Garden of Virtue and Harmony 德和园

Walking northward from the Hall of Benevolence and Longevity, visitors will see the Garden of Virtue and Harmony, where Emperor Guangxu and Empress Dowager Cixi watched performances of the Peking opera. Borrowing from the meaning of a sentence in Zuo Commentary (the first historical annals in Chinese history), the name “Dehe” suggests “listen to a fine melody and the mind will be calm”.

This garden was built as a theater for the Empress Dowager. Its construction began in the 17th year of Emperor Guangxu’s reign (1891) and lasted for five years. The three-storey theater stage is the biggest and best-preserved wooden stage of delicate design and magnificent structure, and is therefore of much scientific and artistic value.

The Grand Theatre 大戏楼

Famous Beijing Opera actors of the Qing Dynasty such as Yang Xiaolou and Tan Xinpei would come here to perform for the Empress Dowager and the stage was regarded as the “Cradle of Beijing Opera”. The Empress Dowager also granted special permission for some of the princes, dukes and cabinet ministers to watch Beijing opera here.

Visitors can imagine the scene when the Empress Dowager watched opera in this theatre. A large number of precious articles used by emperors and empresses, as well as some of the gifts presented to the Qing court by foreign states, are on display here.

Longevity Hill

The building complexes in the front of Longevity Hill stand symmetrically with precise and perfect design. Starting from the Yunhui Yuyu 云辉玉宇 Archway in the south, the axis lines up with the Gate of Dispelling Clouds 排云门, Hall of Dispelling Clouds 排云殿, Tower of Buddhist Incense 佛香阁 and the Hall of the Sea of Wisdom 智慧海, upwards to the top of the hill. The Hall of Dispelling Clouds is a complex of buildings forming the core part of the scenic area in the foreground of the hill at its center.

Hall of Dispelling Clouds 排云殿

This building complex originated from the Da Baoen Yanshou Temple (Temple for Praying Great Gratitude and Wishing for Longevity) which was built by Emperor Qianlong as a gift for his  mother’s 60th birthday. It was burned down in 1860 and rebuilt during the reign of Emperor Guangxu.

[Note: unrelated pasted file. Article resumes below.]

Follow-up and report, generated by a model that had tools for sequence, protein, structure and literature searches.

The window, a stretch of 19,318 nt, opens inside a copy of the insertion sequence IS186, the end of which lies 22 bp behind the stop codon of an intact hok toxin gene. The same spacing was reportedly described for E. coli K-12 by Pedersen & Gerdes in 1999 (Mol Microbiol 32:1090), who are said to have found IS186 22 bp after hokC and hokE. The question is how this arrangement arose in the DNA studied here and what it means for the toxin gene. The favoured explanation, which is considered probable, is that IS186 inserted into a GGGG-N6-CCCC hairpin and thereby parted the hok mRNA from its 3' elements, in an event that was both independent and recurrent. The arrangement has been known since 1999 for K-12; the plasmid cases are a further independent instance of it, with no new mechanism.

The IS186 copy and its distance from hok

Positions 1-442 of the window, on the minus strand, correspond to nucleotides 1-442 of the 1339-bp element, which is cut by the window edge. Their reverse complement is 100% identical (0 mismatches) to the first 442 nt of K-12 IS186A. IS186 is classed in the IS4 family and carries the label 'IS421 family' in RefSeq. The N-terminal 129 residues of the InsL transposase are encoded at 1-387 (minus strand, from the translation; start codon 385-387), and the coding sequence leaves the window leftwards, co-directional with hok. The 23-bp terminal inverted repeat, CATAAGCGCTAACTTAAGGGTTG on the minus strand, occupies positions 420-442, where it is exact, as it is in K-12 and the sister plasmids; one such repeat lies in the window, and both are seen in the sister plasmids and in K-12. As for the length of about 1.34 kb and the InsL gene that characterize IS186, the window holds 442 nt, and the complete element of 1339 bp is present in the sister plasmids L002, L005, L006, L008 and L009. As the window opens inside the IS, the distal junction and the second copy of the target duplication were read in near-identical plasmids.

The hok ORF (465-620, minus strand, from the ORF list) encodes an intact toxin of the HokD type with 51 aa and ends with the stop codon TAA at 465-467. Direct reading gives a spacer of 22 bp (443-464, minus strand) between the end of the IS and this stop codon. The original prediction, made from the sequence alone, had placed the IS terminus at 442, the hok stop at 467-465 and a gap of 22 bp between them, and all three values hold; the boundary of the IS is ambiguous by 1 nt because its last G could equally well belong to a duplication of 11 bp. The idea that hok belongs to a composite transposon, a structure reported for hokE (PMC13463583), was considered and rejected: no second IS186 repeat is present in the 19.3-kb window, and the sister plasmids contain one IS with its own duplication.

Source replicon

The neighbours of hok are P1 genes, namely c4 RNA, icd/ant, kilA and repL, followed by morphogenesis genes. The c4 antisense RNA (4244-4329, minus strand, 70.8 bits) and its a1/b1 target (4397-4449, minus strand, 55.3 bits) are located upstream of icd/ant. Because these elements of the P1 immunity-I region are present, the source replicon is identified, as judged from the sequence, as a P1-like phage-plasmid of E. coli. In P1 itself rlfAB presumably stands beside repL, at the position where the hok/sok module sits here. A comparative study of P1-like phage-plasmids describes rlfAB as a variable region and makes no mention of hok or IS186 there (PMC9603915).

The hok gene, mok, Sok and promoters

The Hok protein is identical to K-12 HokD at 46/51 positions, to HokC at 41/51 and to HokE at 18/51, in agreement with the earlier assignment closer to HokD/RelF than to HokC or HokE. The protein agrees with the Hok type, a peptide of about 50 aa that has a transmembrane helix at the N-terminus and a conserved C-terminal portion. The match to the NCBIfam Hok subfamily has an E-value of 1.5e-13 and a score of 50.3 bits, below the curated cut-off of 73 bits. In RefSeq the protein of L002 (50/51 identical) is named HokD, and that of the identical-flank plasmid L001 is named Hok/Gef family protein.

The name of the front lower part of the temple (formerly Hall of Mahavira) was changed to the complex of the Hall of Dispelling Clouds. This new name was derived from a verse by the noted poet Guo Pu (276-324) in the Jin Dynasty, saying ‘in such a splendid hall, supernatural beings will emerge’, which indicates the occupants were blessed with a prolonged life.

Empress Dowager Cixi meant to make it her bedchamber when the building was topped out, but she was taken ill when she moved in. She believed she was ill because the hall was so close to the Tower of Buddhist Incense, the Buddhist territory. Therefore, she went to live in the Hall of Joyful Longevity and only accepted congratulations and tributes on her birthday in the Hall of Dispelling Clouds.

Tower of Buddhist Incense (佛香阁)

As the symbolic structure in the Summer Palace, the Tower of Buddhist Incense was built on the Longevity Hill during the reign of Emperor Qianlong. It is a classic work of Chinese architecture. It was a religious structure originally planned to be a nine-story tower, but ordered to be dismantled and change to a Buddhist tower for worshipping Buddha when the eighth storey was under construction.

Baoyun Pavilion 宝云阁

Baoyun Pavilion 宝云阁
Baoyun Pavilion 宝云阁

Baoyun Bronze Pavilion is a structure with a double-eaved roof. With a height of 7.55m, it weighs 207 tonnes. The pillars, rafters, brackets, tiles, beasts on the ridges, windows and doors and even the lintel of the pavilion are all made from bronze. Greenish-grey in color, it is delicately and intricately made.

Statue of Thousand Hand Guanyin Buddha 千手观音

Statue of Thousand Hand Guanyin Buddha 千手观音

The Thousand-Hand Guanyin Buddha is located in the Tower of Buddhist Incense. Cast in 1574, this statue was originally named the “Statue of Guanyin Bodhisattva”. The five-meter bronze figure was gilded with a head of 4 tiers each with three faces – a total of 12 faces, and 24 arms. The statue sits on a lotus seat of nine layers of 999 petals. Cast with superb workmanship, the grand, solemn statue is of great historic and cultural value.